Following The Magnolia Park Optimist Club’s event, Officer of the Year DAN TURPIN shared one of many events in his long career that may help us understand what has kept him going despite all the slings and arrows that he and other police officers face daily.
He remembered an incident about 20 years ago, involving some rambunctious teenaged “mall rats” along San Fernando Road. “This kid and some of his friends were goofing around with a plastic gun, waving it around and pointing it at people.” But it looked like the genuine article to the alarmed citizens who alerted the police. Officer Turpin quickly responded. “Drop the gun!” he yelled, pointing a very real gun at the ringleader, who immediately dropped it, wide-eyed with fear, wondering what would happen next.
Officer Turpin could have arrested the teenager, but instead decided to give him a stern lecture. “Just because you’re stupid, doesn’t mean you’re bad,” Officer Turpin explained. “Me, you, we’ve all done stupid things.” It definitely seemed like a teachable moment.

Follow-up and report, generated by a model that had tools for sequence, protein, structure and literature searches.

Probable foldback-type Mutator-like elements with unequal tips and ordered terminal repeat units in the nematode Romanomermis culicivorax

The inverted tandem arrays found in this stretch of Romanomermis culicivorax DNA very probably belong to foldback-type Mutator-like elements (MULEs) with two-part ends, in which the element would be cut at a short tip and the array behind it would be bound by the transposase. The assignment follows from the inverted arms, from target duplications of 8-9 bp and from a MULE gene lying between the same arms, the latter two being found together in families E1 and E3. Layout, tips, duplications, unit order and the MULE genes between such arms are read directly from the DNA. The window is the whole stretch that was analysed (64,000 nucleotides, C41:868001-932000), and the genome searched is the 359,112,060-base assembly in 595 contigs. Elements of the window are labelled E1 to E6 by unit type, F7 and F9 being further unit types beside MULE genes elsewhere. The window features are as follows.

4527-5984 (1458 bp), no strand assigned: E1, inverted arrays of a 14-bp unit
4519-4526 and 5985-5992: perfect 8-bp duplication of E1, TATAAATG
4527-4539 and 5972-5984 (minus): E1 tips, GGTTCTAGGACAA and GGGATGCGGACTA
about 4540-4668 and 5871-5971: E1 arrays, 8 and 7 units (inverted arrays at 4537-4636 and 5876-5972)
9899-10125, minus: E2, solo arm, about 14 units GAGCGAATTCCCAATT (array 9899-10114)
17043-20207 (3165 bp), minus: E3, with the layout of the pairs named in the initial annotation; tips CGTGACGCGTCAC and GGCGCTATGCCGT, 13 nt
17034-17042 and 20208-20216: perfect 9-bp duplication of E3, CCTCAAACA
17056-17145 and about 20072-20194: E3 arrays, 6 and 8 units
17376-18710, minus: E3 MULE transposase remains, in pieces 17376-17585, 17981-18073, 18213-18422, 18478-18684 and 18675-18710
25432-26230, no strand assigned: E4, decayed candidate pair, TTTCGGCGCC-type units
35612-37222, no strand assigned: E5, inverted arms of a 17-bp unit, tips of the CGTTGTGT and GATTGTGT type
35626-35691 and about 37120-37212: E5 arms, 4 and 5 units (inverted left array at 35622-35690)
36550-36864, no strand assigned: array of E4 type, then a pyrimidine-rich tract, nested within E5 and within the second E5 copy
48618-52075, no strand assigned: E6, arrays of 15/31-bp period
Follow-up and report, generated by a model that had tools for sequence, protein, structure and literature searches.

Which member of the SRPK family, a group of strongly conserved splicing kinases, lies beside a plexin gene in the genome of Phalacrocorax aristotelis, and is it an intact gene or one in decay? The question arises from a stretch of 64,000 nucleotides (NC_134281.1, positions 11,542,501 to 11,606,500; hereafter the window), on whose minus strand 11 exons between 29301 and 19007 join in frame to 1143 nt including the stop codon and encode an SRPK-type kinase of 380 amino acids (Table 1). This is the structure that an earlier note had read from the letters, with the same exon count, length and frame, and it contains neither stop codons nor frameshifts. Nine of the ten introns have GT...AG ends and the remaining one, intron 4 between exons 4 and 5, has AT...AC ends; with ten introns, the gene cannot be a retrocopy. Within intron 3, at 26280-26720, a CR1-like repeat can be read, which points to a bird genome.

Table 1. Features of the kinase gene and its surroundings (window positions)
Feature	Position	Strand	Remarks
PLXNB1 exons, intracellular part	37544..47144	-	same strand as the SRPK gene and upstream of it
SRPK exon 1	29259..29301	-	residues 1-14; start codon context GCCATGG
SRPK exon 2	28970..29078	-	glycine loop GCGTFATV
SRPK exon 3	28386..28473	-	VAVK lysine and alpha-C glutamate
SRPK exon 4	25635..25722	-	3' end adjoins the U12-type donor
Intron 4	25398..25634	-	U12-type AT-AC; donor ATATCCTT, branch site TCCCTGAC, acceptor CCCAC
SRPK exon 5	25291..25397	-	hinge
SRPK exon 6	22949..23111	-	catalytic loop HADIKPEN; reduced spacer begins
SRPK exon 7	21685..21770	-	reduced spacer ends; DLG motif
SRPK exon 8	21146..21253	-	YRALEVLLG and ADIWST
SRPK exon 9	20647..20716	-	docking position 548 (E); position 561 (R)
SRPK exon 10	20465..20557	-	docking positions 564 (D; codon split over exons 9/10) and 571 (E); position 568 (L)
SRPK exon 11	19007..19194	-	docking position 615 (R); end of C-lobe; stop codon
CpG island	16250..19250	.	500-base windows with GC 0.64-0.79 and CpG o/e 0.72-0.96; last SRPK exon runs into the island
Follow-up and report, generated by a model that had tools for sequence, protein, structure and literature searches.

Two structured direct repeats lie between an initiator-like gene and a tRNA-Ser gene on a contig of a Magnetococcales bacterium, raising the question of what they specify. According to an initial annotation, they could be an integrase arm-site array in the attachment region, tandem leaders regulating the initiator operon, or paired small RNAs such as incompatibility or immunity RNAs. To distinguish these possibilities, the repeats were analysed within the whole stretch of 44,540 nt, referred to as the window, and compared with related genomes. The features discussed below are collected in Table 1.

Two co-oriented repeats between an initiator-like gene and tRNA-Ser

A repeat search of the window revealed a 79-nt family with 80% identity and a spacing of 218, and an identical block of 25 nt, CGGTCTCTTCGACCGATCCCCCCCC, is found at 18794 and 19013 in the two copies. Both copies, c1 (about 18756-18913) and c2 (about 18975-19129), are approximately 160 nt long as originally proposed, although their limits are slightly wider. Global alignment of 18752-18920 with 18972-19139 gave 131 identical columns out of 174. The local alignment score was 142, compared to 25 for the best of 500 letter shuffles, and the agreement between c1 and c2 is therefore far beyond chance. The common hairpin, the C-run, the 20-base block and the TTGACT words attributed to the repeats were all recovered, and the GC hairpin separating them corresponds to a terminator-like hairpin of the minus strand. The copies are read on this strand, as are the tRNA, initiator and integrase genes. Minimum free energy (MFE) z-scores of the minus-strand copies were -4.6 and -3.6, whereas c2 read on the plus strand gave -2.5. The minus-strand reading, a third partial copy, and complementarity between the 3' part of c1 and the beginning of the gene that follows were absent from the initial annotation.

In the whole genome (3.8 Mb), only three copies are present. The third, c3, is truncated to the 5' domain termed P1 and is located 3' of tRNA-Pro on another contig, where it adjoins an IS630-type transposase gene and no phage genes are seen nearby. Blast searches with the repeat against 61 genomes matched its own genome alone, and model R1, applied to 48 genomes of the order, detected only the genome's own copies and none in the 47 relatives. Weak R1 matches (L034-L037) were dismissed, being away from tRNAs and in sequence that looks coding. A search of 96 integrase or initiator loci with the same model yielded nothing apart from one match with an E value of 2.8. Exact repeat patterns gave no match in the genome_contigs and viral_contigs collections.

Soon afterward, the boy’s father calls Officer Turpin and thanks him for deciding not to arrest his son. (No doubt, the lad had got another stern lecture in the meantime.) Fast forward ten years, when a man in his mid-20s is visiting his hometown and happens to see Officer Turpin. He thanks him for that long ago lecture crediting it for “making the difference. At that point in my life, I could’ve gone either way.”
And that is one big reason why Officer Turpin has stayed on the force while others may have chosen to retire. “Maybe once in awhile, you can turn a kid around.”
But a thought still nagged, in view of all the bad press the police had been getting. Officer Turpin didn’t shoot first and ask questions later. At the risk of his own safety, he had given a young man the chance to cooperate. But Officer Turpin brushed off any suggestion of heroism. “When I joined the force I was already 35 with a wife, a kid and a mortgage. I was able to bring some life experience to bear on the situation.”
Make no mistake: It’s easy to avoid danger, as the distressing news out of Florida has reminded us. And it’s easy to pull the trigger at the first sign of danger, something a lot of us would do reflexively. But to protect the public while honoring the rights recognized in the Constitution, to avoid unnecessary bloodshed at the risk of your own blood being shed—that’s heroic.
The Burbank community can be thankful that Officer Turpin has remained with the Burbank Police Department long enough to train and influence an upcoming generation of officers, who in spite of everything, have chosen “to serve and protect.”